Plaintiff lawyers may soon be able to charge contingency fees in class action proceedings in Victoria.

The Justice Legislation Miscellaneous Amendments Bill 2019 (Vic) (Bill), which has already passed the lower house of the Victorian Parliament, will allow plaintiff lawyers to charge a percentage of any amount recovered in a successful class action proceeding. The Bill gives effect to recommendations made by the Australian Law Reform Commission (ALRC) and the Victorian Law Reform Commission (VLRC) to introduce contingency fees in order to provide greater access to justice for plaintiffs in group proceedings.1

Will this yield the benefits promised to plaintiffs; what will this mean for other class action jurisdictions in Australia; and what will happen to litigation funders? In this alert, we look at the changes proposed by the Bill and who will be the likely winners and losers.

Current funding options for class action plaintiffs

Plaintiffs face many challenges bringing group proceedings. At present, most large plaintiff law firms in Victoria operate on a no-win, no-fee basis and can charge plaintiffs an 'uplift fee' of up to 25% of their legal costs if the action is successful. In addition, two-thirds of class action plaintiffs in the Federal Court also rely on litigation funding to finance their legal fees.2 Under those arrangements, litigation funders may require successful plaintiffs to pay 'success fees' that are up to three times the amount of their initial investment.3 In both circumstances, plaintiffs bear extra financial burdens if they are successful and are personally liable for any adverse costs orders.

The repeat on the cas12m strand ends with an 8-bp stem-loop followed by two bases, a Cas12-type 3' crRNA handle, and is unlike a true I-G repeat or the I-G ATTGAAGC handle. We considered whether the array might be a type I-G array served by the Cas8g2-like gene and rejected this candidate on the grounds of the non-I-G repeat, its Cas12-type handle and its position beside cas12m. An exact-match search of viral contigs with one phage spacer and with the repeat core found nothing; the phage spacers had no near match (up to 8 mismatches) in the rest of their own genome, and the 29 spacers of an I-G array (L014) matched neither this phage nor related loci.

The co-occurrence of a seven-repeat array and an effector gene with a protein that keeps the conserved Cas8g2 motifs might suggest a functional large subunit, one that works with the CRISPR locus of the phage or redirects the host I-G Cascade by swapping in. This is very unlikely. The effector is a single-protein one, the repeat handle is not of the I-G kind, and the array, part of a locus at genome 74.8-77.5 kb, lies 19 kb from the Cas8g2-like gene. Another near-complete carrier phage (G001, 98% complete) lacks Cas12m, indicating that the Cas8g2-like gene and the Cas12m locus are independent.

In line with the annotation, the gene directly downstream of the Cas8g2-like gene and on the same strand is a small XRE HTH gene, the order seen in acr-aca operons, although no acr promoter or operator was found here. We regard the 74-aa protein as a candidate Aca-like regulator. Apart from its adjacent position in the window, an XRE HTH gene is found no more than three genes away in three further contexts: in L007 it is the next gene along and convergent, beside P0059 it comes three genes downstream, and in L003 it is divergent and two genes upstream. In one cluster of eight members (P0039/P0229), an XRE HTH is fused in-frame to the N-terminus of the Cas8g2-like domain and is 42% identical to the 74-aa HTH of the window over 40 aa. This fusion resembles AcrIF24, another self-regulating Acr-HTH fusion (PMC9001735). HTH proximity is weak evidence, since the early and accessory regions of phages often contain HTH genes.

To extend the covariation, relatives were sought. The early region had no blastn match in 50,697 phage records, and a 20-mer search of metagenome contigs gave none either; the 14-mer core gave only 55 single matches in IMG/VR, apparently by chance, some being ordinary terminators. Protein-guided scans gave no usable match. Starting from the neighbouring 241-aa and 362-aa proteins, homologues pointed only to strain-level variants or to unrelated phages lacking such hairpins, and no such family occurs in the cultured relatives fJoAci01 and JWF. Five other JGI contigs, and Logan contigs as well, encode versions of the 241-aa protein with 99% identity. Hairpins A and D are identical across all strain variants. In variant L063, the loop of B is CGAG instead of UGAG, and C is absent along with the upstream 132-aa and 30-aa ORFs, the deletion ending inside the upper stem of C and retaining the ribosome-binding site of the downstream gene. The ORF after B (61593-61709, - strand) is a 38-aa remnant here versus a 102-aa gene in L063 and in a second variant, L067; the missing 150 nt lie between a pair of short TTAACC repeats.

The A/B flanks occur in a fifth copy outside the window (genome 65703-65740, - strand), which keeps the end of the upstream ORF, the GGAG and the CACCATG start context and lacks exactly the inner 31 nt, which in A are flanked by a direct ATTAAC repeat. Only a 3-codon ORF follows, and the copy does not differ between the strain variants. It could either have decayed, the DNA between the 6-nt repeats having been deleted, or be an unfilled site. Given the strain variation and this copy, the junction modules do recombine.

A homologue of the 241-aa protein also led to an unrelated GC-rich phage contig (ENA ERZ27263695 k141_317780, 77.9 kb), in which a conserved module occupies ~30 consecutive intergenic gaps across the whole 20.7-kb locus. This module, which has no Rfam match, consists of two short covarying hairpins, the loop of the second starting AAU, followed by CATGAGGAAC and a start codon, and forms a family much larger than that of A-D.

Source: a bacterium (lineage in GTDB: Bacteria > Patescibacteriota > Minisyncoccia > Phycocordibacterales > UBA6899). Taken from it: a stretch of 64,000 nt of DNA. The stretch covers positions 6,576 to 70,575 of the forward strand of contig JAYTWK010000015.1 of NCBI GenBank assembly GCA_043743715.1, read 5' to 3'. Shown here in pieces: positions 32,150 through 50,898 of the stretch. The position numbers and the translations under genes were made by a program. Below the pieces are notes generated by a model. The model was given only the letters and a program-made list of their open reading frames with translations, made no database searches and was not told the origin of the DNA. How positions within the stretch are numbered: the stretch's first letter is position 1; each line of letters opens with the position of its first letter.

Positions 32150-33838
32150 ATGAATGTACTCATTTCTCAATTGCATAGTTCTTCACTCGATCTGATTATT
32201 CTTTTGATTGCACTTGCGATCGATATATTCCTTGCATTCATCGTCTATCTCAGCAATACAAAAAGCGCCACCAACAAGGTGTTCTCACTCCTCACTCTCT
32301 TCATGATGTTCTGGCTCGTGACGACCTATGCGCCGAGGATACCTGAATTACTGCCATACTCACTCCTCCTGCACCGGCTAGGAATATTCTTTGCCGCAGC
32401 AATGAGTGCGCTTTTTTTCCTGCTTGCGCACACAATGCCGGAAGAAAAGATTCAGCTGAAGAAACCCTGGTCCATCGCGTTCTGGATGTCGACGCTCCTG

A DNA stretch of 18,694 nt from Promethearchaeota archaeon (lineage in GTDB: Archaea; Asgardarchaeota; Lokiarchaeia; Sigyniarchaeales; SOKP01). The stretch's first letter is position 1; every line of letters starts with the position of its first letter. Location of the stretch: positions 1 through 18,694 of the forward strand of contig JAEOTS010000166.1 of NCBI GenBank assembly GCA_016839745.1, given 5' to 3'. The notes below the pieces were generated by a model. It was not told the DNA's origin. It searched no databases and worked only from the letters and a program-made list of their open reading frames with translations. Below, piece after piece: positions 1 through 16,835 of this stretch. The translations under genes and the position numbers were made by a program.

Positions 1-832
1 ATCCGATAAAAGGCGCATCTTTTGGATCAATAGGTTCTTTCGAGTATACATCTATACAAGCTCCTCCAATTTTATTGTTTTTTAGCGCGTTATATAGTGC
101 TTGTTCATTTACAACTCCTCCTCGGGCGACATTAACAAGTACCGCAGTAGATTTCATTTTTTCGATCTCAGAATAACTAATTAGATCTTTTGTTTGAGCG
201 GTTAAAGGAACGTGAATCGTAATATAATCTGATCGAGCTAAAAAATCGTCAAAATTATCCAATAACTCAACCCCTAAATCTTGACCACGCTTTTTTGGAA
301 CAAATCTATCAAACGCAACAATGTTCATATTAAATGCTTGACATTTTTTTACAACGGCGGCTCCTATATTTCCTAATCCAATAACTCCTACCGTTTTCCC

New option proposed by the Bill

Under the Bill, class action plaintiff lawyers will be allowed to charge contingency fees where the Supreme Court of Victoria is satisfied that it is "appropriate or necessary to ensure justice is done".4 Although there is no limit specified in the Bill on the percentage of the recovered sum that may be charged as a contingency, this subjective test will require courts to assess the fee in each particular case and set this out in an order.

In addition, the Bill removes plaintiffs' personal liability for the defendant's costs in a group proceeding. Plaintiff lawyers claiming a contingency fee must also indemnify the lead plaintiff for any adverse costs orders and may be required by the court to give security for the defendant's costs.

Contingency fees: winners and losers

Fundamentally, the Bill promises to put more money in successful plaintiffs' pockets by replacing two fees (lawyers' uplift fee and litigation funder's success fee) with one (lawyers' contingency fee). According to Maurice Blackburn in the ALRC's December 2018 report, contingency fees will mean that plaintiffs see an average of 75% of any award instead of the 60% they have seen in the past.5 It also has the potential to allow more plaintiffs to pursue meritorious group claims that are currently too small or risky to be a viable investment for litigation funders and where the lead plaintiff may be unable (or unwilling) to carry the risk of an adverse costs order.6